1. The leg is prevented from functioning like a spring by storing and transferring energy from one stride to the next
  2. Energy is lost to greater vertical displacement. 
This topic transcends foot strike as shod or minimalist heel and forefoot strikers are all plenty capable of over striding and the resulting inefficiency and reduction in sustainable pace that comes with it.

An over striding runner at left contrasted with an optimal stride at right.  Greater vertical displacement of an overstride can be seen by the relative magnitude of the arrows.

An over stride occurs when the center of mass is behind the knee when the foot strikes.  In extreme examples the leg is straight when the foot strikes as seen displayed by the runner at the left.  An optimal stride is one that places the center of mass directly over a slightly bent knee when the foot strikes as seen displayed by the runner on the right.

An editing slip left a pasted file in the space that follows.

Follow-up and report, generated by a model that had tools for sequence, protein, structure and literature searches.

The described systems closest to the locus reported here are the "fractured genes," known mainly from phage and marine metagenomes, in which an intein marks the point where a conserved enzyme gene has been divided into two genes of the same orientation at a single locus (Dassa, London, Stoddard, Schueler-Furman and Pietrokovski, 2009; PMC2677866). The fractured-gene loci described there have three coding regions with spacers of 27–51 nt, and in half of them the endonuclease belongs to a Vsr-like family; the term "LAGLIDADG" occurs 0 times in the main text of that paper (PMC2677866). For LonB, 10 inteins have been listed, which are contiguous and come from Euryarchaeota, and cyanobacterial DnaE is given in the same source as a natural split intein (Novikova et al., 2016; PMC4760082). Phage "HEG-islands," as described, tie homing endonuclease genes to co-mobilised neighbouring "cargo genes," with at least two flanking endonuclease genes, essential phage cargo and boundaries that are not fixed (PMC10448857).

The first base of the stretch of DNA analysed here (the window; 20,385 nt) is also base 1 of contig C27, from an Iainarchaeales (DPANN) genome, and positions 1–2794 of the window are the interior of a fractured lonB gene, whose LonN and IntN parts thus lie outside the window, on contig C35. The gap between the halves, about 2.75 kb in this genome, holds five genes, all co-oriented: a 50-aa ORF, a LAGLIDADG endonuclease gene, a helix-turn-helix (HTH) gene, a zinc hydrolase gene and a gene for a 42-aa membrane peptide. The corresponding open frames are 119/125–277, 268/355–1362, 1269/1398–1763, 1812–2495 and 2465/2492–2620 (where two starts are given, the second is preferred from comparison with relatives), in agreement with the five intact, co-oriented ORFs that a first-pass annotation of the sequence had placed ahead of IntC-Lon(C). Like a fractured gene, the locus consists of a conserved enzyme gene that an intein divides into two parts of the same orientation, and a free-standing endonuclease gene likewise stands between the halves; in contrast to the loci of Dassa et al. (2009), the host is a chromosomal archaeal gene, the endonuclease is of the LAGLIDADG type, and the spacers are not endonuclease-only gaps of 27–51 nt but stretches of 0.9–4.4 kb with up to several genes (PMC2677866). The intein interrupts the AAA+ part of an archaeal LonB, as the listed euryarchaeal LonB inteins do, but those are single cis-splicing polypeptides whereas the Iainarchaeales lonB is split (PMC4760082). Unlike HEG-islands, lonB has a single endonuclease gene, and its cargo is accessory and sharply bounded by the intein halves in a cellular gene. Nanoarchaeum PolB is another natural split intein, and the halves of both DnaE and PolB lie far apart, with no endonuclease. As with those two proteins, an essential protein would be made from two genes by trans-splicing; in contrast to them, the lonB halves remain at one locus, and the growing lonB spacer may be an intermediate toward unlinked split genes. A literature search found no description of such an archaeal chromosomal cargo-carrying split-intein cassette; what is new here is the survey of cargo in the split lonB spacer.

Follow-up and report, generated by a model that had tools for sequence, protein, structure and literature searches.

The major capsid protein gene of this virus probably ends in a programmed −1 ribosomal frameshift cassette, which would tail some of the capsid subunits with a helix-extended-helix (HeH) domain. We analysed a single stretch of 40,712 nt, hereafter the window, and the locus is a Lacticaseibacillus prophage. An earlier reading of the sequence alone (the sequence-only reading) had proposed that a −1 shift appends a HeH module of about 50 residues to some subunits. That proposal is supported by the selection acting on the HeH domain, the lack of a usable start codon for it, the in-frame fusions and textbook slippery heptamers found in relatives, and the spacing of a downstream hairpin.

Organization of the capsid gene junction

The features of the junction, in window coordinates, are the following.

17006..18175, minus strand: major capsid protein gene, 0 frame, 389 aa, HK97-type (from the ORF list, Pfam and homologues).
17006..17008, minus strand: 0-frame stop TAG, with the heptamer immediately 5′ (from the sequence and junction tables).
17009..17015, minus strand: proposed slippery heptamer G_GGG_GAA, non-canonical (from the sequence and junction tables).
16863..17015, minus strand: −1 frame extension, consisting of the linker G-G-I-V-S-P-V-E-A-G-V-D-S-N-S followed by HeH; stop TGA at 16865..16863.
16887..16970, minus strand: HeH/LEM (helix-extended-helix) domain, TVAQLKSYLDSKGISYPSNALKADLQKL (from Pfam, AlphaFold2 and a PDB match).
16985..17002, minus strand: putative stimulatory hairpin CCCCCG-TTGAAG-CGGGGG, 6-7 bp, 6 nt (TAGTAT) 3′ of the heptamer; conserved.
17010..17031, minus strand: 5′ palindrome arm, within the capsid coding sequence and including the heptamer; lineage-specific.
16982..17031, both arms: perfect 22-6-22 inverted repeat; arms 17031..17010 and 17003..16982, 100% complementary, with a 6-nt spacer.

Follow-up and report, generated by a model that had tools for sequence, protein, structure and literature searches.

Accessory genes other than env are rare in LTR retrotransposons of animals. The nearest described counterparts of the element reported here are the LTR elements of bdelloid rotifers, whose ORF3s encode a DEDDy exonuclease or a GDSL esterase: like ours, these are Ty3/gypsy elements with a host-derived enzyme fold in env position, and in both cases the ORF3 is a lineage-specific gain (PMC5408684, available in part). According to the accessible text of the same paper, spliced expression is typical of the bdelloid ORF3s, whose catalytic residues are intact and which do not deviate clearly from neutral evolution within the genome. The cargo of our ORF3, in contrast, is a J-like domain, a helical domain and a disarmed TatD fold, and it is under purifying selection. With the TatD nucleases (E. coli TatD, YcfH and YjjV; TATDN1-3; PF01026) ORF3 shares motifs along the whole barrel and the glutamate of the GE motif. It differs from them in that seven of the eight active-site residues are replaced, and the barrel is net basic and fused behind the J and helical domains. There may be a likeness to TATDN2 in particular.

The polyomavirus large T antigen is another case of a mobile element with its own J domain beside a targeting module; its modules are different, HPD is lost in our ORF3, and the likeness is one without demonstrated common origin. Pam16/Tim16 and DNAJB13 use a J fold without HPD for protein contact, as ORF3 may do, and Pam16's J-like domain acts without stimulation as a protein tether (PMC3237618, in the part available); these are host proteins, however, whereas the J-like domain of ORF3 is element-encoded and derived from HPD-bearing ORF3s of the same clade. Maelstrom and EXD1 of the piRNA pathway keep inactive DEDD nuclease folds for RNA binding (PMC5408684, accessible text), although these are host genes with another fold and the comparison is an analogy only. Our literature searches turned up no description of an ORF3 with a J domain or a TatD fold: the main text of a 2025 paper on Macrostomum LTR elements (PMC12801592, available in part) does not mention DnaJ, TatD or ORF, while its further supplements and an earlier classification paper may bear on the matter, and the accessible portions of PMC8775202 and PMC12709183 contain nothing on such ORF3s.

Over stride and efficiency are directly related to cadence.  Cadence being defined as the number of right or left foot strikes in a 60 second period.  An over stride / reduction in efficiency occurs at any cadence less than 90 as cited in numerous studies and is easily verifiable by an increase in perceived effort, heart rate, and calorie burn.  An optimal cadence of 90 is employed for much of the human endurance range of paces.  Even faster paces require higher cadences as stride length has a maximum.

My personal pace and cadence curve.  The endurance range of paces is a constant 90.  Outside of the endurance range speed is increased by increasing cadence.